Each of these steaks can be purchased in varying grades which signifies quality and will directly impact the flavor and tenderness of the meat. The three grades of meat are prime, choice and select. You can buy a ribeye or a porterhouse in each of these three grades. For the most satisfaction with your meal, look for prime beef. If you cannot find prime grade beef at your local markets, buy the best pick of the choice meats. Sometimes this alone is a great way to choose between porterhouse and ribeye.
🧑🍳 How to Cook
A porterhouse steak is best cooked to medium rare because both sides of the steak are easy to overcook and dry out. A hot cast iron skillet or hot grill will both work. Be sure to take a temperature reading near the bone in the thickest part of the meat since that is the area that will cook the slowest.
Your porterhouse steak will take 6-10 minutes per side on a very hot grill depending on the thickness and size of the steak as well as your desired doneness. Medium rare is an internal temperature of 130-135ºF.
The most popular way to cook ribeye is on a grill or flat top. You want to get the grill really hot, season the steaks on both sides and then sear both sides of the ribeye for three to four minutes. This gives a nice char while cooking the inside to a nice medium internal temperature of (135-145ºF) or medium rare.
Another very popular way to cook ribeye steaks in on a hot cast iron skillet and this method also works very well. You will need to get the skillet really hot before you sear the steaks and then the process is pretty much the same.
The Reverse Sear Cowboy Ribeye is also a great choice.
📝 Recipe Tips
You will want to print out the Grilling Times and Temperature Chart to make sure each steak comes out exactly the way you want. It’s very handy tool!
Use an instant read thermometer to cook your steak to the perfect temperature. You cannot just base it on time because steaks vary in thickness and size and grills or skillets vary in temperature. Remove your steak from the grill and let it rest while you fill your plate with side dishes.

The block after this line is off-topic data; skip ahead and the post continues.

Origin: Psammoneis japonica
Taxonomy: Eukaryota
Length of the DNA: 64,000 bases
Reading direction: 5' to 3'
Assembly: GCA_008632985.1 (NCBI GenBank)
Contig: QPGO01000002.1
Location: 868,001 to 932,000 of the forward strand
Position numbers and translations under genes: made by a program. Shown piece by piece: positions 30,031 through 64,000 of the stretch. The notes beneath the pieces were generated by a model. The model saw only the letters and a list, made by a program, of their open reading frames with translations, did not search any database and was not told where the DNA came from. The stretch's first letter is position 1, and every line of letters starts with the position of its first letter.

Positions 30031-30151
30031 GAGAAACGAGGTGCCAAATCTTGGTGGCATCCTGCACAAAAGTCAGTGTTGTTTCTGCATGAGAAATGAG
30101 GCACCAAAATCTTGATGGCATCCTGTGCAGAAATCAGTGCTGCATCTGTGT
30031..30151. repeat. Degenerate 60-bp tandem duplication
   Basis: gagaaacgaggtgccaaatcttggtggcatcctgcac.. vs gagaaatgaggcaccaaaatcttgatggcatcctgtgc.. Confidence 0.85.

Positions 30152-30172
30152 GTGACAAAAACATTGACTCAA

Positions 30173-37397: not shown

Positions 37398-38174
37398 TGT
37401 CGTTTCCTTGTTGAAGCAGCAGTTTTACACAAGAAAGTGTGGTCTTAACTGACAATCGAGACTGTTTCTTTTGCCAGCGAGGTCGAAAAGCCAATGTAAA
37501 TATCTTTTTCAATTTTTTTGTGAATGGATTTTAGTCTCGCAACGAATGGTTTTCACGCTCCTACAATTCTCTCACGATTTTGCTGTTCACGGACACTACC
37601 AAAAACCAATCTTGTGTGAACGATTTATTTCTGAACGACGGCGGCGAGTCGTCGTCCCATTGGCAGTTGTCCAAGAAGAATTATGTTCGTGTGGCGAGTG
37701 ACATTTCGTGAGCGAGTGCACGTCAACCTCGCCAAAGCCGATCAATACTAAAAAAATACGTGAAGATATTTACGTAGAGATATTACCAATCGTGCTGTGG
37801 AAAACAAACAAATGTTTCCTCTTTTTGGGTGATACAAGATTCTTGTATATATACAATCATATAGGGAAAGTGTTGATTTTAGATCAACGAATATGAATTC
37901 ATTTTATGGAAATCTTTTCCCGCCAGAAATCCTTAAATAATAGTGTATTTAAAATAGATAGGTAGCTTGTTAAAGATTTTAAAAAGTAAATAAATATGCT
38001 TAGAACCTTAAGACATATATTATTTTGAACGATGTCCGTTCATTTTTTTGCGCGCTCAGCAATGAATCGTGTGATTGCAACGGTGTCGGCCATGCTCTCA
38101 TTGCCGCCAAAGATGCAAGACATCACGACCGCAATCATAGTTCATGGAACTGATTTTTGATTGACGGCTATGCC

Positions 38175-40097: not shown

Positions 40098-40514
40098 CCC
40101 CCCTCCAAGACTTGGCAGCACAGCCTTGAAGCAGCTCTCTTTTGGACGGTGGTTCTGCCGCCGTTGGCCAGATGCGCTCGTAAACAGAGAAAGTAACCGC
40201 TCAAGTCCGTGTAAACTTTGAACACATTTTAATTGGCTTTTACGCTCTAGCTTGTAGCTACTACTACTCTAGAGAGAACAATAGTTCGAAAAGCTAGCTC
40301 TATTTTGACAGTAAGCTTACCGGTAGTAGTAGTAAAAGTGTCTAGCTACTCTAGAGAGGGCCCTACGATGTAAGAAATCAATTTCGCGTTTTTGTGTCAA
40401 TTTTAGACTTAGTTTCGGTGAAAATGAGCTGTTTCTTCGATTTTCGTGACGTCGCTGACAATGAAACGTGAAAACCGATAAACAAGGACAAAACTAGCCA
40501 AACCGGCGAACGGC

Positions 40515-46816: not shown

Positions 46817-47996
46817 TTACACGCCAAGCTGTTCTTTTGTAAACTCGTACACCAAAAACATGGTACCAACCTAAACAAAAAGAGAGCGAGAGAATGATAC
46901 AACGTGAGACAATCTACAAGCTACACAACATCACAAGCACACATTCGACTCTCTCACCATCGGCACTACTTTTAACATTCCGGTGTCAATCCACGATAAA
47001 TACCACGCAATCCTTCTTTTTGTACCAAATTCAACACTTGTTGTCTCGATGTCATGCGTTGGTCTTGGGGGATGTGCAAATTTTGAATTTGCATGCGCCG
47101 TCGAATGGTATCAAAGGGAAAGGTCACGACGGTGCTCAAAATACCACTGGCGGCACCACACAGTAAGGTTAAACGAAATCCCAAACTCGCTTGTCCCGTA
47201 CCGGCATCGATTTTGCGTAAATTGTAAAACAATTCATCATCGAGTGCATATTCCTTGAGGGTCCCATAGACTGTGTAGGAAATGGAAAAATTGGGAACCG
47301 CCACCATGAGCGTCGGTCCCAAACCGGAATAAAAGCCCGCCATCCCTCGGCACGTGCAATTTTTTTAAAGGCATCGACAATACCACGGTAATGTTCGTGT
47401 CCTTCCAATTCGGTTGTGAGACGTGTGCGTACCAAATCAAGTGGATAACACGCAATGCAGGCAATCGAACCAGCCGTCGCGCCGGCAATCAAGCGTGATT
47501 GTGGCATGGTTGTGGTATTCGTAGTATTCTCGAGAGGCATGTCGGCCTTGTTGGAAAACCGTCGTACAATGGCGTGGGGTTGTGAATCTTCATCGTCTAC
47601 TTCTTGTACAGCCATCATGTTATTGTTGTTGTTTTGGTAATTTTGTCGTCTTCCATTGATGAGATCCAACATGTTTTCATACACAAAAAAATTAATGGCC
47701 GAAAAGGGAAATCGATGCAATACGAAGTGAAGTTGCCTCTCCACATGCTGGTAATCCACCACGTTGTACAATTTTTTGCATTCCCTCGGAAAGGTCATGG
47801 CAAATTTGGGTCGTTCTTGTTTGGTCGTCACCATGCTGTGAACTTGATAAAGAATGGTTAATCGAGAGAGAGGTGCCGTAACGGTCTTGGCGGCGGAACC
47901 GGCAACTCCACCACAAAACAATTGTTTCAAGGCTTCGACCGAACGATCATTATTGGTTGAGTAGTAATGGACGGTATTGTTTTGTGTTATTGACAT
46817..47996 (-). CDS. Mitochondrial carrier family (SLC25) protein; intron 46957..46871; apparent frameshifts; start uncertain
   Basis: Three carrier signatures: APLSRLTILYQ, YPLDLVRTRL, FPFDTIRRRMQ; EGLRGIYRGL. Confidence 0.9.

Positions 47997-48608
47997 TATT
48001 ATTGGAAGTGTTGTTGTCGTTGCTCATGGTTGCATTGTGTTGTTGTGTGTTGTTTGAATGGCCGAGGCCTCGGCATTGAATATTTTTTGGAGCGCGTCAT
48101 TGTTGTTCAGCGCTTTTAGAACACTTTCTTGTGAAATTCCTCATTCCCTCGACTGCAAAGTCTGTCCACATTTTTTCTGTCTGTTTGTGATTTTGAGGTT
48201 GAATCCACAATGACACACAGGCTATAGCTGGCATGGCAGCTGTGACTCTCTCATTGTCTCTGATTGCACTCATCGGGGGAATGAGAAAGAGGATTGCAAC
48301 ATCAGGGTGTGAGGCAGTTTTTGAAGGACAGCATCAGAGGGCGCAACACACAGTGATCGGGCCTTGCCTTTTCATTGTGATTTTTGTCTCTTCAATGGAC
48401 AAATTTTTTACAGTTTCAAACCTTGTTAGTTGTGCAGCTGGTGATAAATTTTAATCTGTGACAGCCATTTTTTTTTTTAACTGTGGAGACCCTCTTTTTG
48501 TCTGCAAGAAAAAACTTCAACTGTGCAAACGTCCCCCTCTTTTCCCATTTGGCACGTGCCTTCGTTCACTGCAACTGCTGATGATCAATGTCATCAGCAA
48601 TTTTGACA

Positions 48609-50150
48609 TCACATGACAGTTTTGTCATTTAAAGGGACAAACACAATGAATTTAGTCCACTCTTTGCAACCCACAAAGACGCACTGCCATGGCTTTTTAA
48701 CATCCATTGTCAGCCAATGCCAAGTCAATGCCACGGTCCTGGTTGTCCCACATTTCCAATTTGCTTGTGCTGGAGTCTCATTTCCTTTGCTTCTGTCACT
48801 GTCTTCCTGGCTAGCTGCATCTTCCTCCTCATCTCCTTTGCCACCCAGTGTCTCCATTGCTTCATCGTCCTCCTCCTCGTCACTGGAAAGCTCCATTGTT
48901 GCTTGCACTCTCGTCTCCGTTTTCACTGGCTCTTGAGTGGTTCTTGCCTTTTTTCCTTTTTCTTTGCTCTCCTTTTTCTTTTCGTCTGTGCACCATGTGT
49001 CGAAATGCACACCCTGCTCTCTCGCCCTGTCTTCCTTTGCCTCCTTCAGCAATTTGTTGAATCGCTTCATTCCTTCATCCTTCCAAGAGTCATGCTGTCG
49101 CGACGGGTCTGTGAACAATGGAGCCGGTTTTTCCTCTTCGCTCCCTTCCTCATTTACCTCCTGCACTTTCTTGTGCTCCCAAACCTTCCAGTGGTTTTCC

A porterhouse steak will need about ten minutes to rest because of the thickness of the steak.
Letting your steak come up to room temperature before you cook it results in the perfect texture and juicy goodness.
🥩 How to Serve
When considering Porterhouse vs Ribeye, the side dishes we recommend are pretty much the same. A good steak deserves amazing sides as a complement! Try your beautifully prepare porterhouse or ribeye steak with Amazing Smoked Potato Salad, Grilled Sweet Potato Casserole, Grilled Mexican Street Corn Elote or Grilled Bourbon Peach Baked Beans.
Serve leftovers as part of a soup, stew, stir-fry or sandwich! Or you can make the classic: steak and eggs.
How to Store Leftover Steak
Leftover steak will need to be refrigerated to prevent bacteria growth. Place your leftover steaks in a plastic baggy or airtight container and keep the in the fridge for 2-3 days. Reheat the steaks in a hot skillet.
Freeze leftover steaks for up to three months in an airtight container.
These two steaks are very different cuts of meat. The porterhouse is tender and huge while the ribeye has amazing flavor, reasonable tenderness and a more moderate size.
Yes. Porterhouse is a large bone-in steak with good texture you will enjoy.
The porterhouse steak encompasses both the Filet Mignon on one side of the bone and the New York Strip on the other side of the bone.
Both of these steaks can be amazing with careful preparation but if I have to choose I would go with ribeye because I love the intense steak flavor.
Ounce for ounce ribeye is cheaper unless you find porterhouse on sale.